1. This site uses cookies. By continuing to use this site, you are agreeing to our use of cookies. Learn More.

New owner with seriously damaged Scorpion!

Discussion in 'Scorpions' started by ScorpionUser35, Aug 9, 2018.

  1. ScorpionUser35

    ScorpionUser35 Arachnopeon

    1
    0
    1
    Oregon
    Advertisement
    I recently bought my first scorpion that being an emperor scorpion. He is a juvenile and have had him for about ~3 weeks and i monitor his temp/humidity and he has eaten mostly crickets (hasn't eaten in about 4-5 days though). Anyways while feeding him I usually just remove his hide and offer food and he takes it then I carefully place the hide back in. This time however he turned down his food so I proceed to place the hide back on and he suddenly jolted and I accidentally crushed him. I didn't even realize till probably 1-2 hours later when I noticed he wasn't roaming his surroundings like he usually does at night. The back part of his abdomen looked weak and hollow and the front was more prominent and his tail was flat. I really thought he was dead. I went to dispose of him but he started moving. Since then (~30 mins ago) his body looks better and he can lift his tail if I touch him but he is still mostly unresponsive and not moving. I'm a new owner and made a terrible mistake and I've sat here the last 30 minutes feeling really bad and guilty and just need some advice and any experience with this. I'm thinking I wait it out a day or two to see if he survives but if he dies I might really consider not getting another it was a terrible rookie mistake but I wouldn't want to endanger another one of these awesome creatures. Sorry for the long post just really need some advice at the moment.
     
  2. darkness975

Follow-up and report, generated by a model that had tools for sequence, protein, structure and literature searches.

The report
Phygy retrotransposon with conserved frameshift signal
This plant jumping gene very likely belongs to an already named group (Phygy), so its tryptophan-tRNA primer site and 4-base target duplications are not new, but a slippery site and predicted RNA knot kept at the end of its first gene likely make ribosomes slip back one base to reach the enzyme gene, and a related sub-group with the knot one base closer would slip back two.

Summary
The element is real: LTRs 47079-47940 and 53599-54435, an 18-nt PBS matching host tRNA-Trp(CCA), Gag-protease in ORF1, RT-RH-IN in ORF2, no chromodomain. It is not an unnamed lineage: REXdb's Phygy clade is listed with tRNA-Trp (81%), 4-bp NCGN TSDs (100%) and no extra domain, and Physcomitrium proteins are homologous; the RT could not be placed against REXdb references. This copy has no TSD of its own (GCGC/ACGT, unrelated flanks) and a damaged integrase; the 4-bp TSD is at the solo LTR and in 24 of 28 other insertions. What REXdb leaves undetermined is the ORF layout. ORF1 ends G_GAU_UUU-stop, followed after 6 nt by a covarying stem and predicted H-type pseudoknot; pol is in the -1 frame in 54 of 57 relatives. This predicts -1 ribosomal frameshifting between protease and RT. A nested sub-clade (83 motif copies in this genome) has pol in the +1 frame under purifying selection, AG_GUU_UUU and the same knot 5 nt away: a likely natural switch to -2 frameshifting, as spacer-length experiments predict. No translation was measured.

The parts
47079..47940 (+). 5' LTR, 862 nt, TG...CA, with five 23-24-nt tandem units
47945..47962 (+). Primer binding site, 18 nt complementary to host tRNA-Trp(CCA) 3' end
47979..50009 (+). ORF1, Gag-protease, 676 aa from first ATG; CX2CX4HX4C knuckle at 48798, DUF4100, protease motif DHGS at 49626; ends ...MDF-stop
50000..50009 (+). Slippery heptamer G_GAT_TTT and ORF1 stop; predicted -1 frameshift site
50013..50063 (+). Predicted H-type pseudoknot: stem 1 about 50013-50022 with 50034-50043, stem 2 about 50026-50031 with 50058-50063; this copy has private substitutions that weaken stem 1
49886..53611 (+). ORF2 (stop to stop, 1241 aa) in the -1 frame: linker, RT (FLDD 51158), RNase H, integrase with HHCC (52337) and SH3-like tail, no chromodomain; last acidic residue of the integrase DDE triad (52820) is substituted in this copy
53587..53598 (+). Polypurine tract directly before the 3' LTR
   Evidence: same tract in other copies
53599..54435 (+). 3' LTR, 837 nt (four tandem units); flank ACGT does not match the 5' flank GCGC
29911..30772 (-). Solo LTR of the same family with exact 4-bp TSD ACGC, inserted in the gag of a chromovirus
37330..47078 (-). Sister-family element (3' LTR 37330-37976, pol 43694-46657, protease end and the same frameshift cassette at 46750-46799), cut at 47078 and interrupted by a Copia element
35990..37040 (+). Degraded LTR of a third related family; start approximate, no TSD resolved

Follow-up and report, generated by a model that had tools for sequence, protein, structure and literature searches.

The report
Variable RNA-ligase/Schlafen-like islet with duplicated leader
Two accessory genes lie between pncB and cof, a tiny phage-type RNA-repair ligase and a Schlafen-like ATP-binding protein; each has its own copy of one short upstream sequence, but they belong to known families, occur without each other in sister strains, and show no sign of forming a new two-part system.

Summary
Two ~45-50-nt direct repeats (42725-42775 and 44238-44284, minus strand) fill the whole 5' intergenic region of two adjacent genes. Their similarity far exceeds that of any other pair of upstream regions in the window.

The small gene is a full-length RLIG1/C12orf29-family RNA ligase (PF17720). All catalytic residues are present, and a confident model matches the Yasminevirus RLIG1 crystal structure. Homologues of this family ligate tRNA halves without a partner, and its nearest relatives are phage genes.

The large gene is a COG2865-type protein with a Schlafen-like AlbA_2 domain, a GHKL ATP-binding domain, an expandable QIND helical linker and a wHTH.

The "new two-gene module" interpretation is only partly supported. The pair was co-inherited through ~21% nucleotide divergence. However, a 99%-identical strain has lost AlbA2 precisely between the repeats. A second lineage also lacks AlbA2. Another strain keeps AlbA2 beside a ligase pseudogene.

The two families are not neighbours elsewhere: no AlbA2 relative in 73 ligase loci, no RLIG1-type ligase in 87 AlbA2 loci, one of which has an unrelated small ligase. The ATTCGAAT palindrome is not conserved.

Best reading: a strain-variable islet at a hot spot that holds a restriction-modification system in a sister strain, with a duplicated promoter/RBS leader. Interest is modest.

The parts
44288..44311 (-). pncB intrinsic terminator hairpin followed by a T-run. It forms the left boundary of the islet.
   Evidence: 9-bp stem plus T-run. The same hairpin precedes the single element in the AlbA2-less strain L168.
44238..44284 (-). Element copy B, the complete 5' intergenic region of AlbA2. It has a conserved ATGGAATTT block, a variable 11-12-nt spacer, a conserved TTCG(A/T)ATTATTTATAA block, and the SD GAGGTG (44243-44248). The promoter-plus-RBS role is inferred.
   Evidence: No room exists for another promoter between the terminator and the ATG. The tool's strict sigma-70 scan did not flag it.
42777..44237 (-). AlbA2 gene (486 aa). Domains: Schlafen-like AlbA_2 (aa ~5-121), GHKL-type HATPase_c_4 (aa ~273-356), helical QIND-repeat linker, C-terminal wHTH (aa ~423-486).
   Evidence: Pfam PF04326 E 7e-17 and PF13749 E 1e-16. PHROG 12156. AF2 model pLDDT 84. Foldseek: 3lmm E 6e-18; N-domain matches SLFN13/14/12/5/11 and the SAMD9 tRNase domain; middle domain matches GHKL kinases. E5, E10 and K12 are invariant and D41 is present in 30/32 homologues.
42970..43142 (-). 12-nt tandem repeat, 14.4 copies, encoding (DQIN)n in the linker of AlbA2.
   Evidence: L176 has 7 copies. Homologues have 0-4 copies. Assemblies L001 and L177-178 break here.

darkness975 Brachypelma darknessi Arachnosupporter

    You are not supposed to lift the hide to feed a scorpion.
     
    • Agree Agree x 2
  3. InvertAddiction

    InvertAddiction Arachnoknight Active Member

    Best way to feed a scorpion is to drop 1 or two crickets/roaches in and if they are still there the next day remove them. If the scorp is hungry it will hunt them, if not, normally they flick them away with their tails and show no interest. Crickets, especially, can seriously harm a molting scorpion since that's when it's in it's most vulnerable state....soft and chewy and mainly defenseless until it hardens. You made a rookie mistake, no one is perfect and this shouldn't stop you from getting another one. Advice, post a picture of the scorpion, take this as a learning experience of what NOT to do in the future.
     
    • Agree Agree x 1
  4. arachnoxious

    arachnoxious arachnovelist Arachnosupporter

    It's a learning experience and there is not much you can do. Stop touching him and let him work it out on his own. Continuing to see if he's alive like that will likely only stress him out and will reduce the chances he survives. Leave the scorp to be and let him do his own thing. As long as the hide was not extremely heavy then he might be okay and shocked if anything. They are really good at squirming in between rocks but if you aggressively put the hide back into the cage then it might've crushed him badly. If the cocofiber you have is deep and you softly put down a lightweight hide you might've just shocked him and pushed him into the cocofiber. There's a lot of possibilities. Since he is still a juvenile he could always detach or lose certain limbs if necessary and grow them back in a molt or two but any internal damage might be fatal. So just sit back and take a breathe and give him the time he needs to recover. Good luck with everything and let me know how it turns out :headphone::angelic:
     
  5. Chris WT

    Chris WT Arachnosquire

    Pics are mandatory if you want a damage assessment
     
  6. Dry Desert

    Dry Desert Arachnopeon

    12
    2
    38
    UK
    As others have said it's a learning curve, however for now just leave well alone for the scorpion to recover - do not be tempted to keep checking - leave well alone, turning the heating up a few degrees may aid recovery.